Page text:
Why the Status Quo with Mexico Isn't Working

Mexican president Enrique Peña Nieto. Flickr/Creative Commons/A. Davey

The United States can't afford to treat Mexico with benign neglect.

Strengthening the U.S. relationship with Mexico can fulfill several achievements in Trump’s first term. Mexico’s cooperation is necessary on immigration, public security and energy independence. As president-elect, Trump has been invited to visit Mexican President Pena Nieto in Mexico, whose historic reform efforts have rivaled President Salinas’s from the 1990s. Pena Nieto is risking his legacy and the success of liberalization to make this relationship a success. Trump, with his telenovela lifestyle and pragmatic business sense, might be uniquely suited to win over Mexicans wary of his rhetoric and punitive policy prescriptions. Soon he will have an opportunity to make Mexico an early foreign policy priority, which would signal a welcome statesmanlike approach to the region and the world.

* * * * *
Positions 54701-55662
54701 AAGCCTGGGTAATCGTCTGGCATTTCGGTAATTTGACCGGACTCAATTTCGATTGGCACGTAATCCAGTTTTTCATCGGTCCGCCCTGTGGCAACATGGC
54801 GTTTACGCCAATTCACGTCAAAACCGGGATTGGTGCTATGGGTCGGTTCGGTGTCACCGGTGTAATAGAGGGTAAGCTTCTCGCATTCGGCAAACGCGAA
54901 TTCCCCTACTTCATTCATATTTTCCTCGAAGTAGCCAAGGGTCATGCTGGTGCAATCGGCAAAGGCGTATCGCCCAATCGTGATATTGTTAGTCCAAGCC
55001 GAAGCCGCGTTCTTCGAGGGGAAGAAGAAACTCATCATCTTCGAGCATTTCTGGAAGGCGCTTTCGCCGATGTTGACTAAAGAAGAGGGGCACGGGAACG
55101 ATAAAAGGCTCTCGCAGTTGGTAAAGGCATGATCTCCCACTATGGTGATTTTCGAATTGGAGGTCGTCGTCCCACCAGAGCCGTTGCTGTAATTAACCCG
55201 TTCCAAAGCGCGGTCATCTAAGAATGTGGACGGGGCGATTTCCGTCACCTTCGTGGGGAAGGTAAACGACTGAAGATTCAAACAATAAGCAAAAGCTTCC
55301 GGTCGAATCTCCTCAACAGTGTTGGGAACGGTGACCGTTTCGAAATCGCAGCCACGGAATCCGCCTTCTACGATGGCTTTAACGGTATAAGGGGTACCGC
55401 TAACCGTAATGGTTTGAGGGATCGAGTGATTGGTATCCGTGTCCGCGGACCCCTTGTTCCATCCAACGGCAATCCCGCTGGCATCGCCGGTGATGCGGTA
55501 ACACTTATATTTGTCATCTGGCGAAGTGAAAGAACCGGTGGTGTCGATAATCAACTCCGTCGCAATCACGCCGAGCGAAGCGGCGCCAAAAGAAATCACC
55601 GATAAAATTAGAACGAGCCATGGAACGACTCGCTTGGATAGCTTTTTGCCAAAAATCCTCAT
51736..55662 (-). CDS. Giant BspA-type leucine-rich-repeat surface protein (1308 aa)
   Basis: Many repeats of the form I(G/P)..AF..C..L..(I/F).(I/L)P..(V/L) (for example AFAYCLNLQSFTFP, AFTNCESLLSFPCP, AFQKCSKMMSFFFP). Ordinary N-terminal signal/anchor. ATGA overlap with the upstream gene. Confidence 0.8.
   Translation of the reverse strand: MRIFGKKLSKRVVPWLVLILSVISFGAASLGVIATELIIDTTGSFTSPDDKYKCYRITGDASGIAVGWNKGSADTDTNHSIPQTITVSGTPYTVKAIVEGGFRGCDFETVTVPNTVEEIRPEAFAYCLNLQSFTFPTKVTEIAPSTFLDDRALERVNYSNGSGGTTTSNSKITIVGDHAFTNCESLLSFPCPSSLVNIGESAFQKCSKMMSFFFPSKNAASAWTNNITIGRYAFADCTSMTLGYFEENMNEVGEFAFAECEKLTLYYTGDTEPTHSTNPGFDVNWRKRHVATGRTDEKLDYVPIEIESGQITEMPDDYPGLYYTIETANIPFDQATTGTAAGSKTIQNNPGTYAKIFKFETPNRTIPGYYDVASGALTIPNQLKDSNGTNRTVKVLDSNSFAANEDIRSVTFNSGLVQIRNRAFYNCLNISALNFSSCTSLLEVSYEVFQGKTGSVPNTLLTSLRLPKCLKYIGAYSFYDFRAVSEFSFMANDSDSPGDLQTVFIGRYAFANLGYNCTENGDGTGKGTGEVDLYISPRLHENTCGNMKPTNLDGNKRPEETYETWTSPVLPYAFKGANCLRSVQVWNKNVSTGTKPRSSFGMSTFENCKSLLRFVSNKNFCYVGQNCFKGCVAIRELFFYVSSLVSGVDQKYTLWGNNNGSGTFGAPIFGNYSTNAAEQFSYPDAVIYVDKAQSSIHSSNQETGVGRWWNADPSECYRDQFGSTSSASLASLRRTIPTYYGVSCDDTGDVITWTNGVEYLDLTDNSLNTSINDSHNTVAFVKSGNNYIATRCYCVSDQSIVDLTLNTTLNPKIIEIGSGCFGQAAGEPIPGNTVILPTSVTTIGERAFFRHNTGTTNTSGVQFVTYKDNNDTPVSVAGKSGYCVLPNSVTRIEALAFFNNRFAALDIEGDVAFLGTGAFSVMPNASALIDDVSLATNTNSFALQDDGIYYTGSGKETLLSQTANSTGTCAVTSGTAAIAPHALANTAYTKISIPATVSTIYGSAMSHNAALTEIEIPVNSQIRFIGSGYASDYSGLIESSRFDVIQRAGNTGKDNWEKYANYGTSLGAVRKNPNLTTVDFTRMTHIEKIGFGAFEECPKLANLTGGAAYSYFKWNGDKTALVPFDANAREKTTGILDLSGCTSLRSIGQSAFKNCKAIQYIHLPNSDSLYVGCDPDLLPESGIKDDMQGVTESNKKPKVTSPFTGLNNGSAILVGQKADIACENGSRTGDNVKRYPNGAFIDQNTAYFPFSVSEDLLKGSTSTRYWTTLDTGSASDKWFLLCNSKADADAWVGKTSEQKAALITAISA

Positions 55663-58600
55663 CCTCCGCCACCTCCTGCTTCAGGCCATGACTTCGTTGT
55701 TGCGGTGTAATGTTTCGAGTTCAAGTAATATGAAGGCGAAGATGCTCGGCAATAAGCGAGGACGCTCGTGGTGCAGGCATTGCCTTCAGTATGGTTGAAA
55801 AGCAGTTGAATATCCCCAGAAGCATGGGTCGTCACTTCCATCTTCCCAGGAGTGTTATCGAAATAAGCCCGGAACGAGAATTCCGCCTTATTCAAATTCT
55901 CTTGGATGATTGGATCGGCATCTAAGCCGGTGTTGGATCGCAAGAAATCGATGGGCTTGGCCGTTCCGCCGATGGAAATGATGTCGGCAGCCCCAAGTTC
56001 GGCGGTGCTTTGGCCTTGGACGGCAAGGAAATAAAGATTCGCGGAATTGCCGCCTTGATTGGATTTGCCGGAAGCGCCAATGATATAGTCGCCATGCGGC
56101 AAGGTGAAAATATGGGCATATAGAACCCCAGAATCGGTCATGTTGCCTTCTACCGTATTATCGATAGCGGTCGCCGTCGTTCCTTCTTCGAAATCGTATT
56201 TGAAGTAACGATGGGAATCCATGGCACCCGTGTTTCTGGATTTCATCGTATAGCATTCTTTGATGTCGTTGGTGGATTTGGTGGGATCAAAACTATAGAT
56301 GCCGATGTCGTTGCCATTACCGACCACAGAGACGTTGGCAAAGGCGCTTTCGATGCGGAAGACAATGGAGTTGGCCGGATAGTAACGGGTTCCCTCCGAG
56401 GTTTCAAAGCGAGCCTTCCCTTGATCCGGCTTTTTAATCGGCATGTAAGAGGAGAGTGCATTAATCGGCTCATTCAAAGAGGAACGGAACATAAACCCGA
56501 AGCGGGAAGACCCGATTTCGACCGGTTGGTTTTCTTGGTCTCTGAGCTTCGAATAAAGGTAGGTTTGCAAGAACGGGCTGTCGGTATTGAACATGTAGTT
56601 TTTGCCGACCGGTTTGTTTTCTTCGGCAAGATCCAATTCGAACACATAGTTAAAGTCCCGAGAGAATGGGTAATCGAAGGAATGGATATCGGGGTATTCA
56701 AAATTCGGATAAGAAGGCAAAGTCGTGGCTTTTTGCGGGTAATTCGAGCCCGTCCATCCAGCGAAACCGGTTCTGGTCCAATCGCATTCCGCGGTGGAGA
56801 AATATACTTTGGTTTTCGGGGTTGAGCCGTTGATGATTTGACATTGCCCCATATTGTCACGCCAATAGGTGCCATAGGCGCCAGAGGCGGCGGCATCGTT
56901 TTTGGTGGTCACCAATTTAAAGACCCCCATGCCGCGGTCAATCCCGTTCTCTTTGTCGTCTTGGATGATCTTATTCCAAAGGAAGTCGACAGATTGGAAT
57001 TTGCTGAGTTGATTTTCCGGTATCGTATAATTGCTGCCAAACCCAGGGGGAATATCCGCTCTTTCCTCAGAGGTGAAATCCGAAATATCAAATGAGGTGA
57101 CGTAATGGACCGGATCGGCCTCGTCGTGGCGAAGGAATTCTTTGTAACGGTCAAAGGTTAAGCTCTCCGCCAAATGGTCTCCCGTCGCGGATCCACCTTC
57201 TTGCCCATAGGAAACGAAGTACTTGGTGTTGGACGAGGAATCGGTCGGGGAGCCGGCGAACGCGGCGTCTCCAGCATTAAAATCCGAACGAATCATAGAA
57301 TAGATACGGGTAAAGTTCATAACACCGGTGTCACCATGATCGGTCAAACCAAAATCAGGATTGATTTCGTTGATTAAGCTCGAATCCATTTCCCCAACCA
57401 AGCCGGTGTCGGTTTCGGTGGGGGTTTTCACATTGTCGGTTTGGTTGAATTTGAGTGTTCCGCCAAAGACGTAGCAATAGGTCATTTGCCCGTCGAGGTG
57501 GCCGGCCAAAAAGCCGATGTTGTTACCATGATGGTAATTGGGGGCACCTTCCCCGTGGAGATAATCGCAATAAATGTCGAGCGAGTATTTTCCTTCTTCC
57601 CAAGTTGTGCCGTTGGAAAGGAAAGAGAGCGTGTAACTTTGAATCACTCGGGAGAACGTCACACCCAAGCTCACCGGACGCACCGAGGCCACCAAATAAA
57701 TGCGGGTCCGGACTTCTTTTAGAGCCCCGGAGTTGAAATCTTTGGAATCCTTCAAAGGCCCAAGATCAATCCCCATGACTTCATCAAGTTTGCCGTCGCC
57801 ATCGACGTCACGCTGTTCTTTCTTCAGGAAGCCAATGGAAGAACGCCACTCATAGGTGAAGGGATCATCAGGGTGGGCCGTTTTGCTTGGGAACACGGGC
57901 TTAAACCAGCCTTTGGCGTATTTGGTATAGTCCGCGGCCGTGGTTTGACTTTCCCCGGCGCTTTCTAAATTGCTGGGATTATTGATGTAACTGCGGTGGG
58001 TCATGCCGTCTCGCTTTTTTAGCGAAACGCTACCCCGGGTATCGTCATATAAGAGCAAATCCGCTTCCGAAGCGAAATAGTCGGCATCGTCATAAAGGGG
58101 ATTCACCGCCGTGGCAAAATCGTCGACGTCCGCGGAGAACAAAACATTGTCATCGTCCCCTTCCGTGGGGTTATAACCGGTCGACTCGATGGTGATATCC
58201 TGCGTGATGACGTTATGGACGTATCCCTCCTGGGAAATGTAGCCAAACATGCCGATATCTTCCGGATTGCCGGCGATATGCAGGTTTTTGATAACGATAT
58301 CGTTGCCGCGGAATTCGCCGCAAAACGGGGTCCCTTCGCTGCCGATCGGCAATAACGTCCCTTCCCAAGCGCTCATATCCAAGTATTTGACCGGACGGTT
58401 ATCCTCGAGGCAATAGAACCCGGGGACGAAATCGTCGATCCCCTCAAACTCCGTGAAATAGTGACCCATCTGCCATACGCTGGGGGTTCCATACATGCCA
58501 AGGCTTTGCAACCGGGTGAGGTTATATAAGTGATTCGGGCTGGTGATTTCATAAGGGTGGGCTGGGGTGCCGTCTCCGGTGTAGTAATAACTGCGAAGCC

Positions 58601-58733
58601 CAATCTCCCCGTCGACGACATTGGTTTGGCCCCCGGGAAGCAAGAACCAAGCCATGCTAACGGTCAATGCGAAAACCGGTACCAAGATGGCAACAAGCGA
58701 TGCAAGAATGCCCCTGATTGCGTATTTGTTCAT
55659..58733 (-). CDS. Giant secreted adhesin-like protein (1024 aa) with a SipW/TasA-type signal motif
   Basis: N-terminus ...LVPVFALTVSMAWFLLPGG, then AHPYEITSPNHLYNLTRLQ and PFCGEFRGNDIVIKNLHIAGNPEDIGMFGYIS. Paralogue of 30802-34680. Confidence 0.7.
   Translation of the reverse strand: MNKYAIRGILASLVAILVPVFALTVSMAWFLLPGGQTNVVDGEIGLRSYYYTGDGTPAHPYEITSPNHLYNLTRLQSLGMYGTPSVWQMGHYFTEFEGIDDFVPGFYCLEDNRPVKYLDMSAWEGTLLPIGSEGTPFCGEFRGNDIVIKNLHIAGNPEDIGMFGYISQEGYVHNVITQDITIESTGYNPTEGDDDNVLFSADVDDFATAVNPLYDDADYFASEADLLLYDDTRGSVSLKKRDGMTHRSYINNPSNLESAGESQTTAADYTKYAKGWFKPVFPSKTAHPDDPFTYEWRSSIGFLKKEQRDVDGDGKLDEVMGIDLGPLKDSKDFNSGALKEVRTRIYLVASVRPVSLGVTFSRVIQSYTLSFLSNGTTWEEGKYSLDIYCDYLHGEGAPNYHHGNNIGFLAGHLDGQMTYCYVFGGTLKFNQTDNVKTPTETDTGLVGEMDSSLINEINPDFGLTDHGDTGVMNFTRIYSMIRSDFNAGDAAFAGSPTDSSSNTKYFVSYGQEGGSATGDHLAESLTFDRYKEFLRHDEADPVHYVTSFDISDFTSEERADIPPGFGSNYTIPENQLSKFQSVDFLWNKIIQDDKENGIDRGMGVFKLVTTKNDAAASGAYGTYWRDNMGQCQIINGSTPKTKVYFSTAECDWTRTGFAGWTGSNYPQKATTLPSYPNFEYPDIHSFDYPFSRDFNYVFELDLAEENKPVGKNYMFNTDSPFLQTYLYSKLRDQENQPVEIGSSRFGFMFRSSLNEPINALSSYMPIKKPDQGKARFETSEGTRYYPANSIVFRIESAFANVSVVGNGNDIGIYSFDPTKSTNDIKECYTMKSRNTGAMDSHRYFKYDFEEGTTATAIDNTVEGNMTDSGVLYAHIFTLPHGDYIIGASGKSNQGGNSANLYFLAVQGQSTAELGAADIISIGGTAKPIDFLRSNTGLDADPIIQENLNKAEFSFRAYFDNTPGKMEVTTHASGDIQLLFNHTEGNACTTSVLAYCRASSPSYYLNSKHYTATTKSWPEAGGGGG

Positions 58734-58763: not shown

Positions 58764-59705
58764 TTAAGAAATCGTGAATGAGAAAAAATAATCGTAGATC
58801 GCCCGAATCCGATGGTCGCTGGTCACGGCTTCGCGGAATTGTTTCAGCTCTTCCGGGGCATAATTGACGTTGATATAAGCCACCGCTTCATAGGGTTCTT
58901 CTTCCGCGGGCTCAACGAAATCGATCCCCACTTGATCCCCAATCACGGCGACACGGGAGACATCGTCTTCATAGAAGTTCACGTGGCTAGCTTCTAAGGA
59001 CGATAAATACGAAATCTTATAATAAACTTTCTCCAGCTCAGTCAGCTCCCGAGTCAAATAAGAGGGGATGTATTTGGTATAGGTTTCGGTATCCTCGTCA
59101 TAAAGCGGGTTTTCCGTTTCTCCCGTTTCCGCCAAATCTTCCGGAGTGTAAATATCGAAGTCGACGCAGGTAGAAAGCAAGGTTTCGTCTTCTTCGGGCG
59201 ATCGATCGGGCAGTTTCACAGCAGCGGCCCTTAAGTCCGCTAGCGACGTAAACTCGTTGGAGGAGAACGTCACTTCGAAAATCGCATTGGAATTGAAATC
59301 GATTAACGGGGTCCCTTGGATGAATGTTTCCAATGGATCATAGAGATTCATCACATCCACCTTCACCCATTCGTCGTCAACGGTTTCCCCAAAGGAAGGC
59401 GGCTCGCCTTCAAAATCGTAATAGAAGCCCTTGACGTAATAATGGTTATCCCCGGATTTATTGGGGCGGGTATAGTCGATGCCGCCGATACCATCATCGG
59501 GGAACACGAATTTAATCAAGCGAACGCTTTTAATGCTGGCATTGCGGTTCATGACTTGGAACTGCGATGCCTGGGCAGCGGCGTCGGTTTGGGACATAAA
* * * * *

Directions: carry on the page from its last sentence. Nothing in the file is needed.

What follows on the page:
Michael J. Ard is a former deputy National Intelligence Officer for the Western Hemisphere and the author of An Eternal Struggle: The Role of the National Action Party in Mexico’s Democratic Transition. He teaches international relations at Rice University’s Baker Institute.

Image: Mexican president Enrique Peña Nieto. Flickr/Creative Commons/A. Davey

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